This is when we are showing up more like a partner to our bosses rather than waiting for their instructions. One common blocking behavior is we wait for instructions, we assume someone has to give us permission to do something. In a recent article, I found this term, “permission-based” mindset. The author suggested, “Kill that permission-based mindset, become an idea generator instead”. This becomes natural when we are more aware of our purpose and how it aligns with the organization’s purpose. In the driving analogy, it is about knowing where the organization is heading. How as a leader or an employee we can help to move it in that direction. Similar to the roadblocks, potholes there will be obstacles. When we are clear about the destination and are excited about it, we are more creative to figure a detour without taking it as a failure and possibly getting disheartened.
Do A Regular Maintenance
When we are cruising along in a car on the 4th/5th gear we don’t necessarily keep on driving like this forever. The maintenance or taking care of the car is a very important part of the journey. Any decent driver knows that the car not only needs fuel, having a healthy tire pressure and regular oil change are a must for keeping the car in a good condition.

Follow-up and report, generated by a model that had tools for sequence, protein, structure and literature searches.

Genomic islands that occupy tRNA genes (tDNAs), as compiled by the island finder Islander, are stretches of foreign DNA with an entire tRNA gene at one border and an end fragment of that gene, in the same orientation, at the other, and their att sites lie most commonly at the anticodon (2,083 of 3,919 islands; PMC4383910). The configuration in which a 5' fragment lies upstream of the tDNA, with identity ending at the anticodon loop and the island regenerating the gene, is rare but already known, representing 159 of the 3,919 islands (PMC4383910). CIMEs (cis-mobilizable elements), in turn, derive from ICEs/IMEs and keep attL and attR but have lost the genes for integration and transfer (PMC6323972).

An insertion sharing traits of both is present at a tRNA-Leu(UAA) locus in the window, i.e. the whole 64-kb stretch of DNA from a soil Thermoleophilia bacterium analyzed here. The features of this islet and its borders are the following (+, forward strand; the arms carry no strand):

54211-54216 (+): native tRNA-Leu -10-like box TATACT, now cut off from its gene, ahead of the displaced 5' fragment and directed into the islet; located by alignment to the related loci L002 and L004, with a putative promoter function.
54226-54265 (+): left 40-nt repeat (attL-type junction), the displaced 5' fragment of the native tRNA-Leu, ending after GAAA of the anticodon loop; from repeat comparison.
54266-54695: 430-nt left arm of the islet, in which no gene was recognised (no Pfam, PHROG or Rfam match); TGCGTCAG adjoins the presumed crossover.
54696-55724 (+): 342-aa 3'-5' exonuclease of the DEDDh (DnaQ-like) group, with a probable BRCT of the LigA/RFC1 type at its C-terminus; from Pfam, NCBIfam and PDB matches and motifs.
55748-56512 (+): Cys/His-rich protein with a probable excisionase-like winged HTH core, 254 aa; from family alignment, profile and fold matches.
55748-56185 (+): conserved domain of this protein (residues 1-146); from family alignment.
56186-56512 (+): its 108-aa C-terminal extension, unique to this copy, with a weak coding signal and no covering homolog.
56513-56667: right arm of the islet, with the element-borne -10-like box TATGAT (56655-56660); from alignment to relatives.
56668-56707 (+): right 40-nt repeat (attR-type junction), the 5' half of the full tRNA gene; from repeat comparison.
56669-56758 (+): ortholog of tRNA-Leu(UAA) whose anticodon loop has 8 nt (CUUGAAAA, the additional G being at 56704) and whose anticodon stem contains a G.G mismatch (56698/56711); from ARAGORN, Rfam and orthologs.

For high achieving, high performing women one common issue I see is we are very stingy about self-care. In the EQ assessments for such clients, very often I see one outlier – very low emotional vitality. According to the book Emotional Energy Factor by Mora Kirshenbaum, 70% of our total energy needs have to be from emotional energy. Navigating the corporate leadership role with low emotional vitality is like driving off road with low tire pressure. It puts enormous pressure on one’s willpower. We don’t have time to do anything fun, hobbies or any regular activity for our own entertainment. When I noticed this in my own EQ profile, I started a few things to address it. One of them was taking a Zumba class which helped bring quite a joy in my life. Hiking in nature, spending quality time with friends, spending time for a hobby are some other ways to increase one’s emotional vitality.
If it is not obvious already, a grown-up life is very different from what we experience in schools. The corporate life is even farther away from what we have been trained for. If we keep on treating it like that we will be doing a big disfavor to ourselves. There is so much progress we need make at the systemic level, we can not afford to ignore these relatively simple strategic ways to optimize our own potential. Let’s treat ourselves and our career at least the way we treat our car.
Sharmin Banu has 20 years of diverse experience as an executive coach and as a technology leader. Through transformative coaching approach, Sharmin helps her clients to create awareness, build new habits/skills resulting in greater leadership presence and more sustainable impact to the bottom line.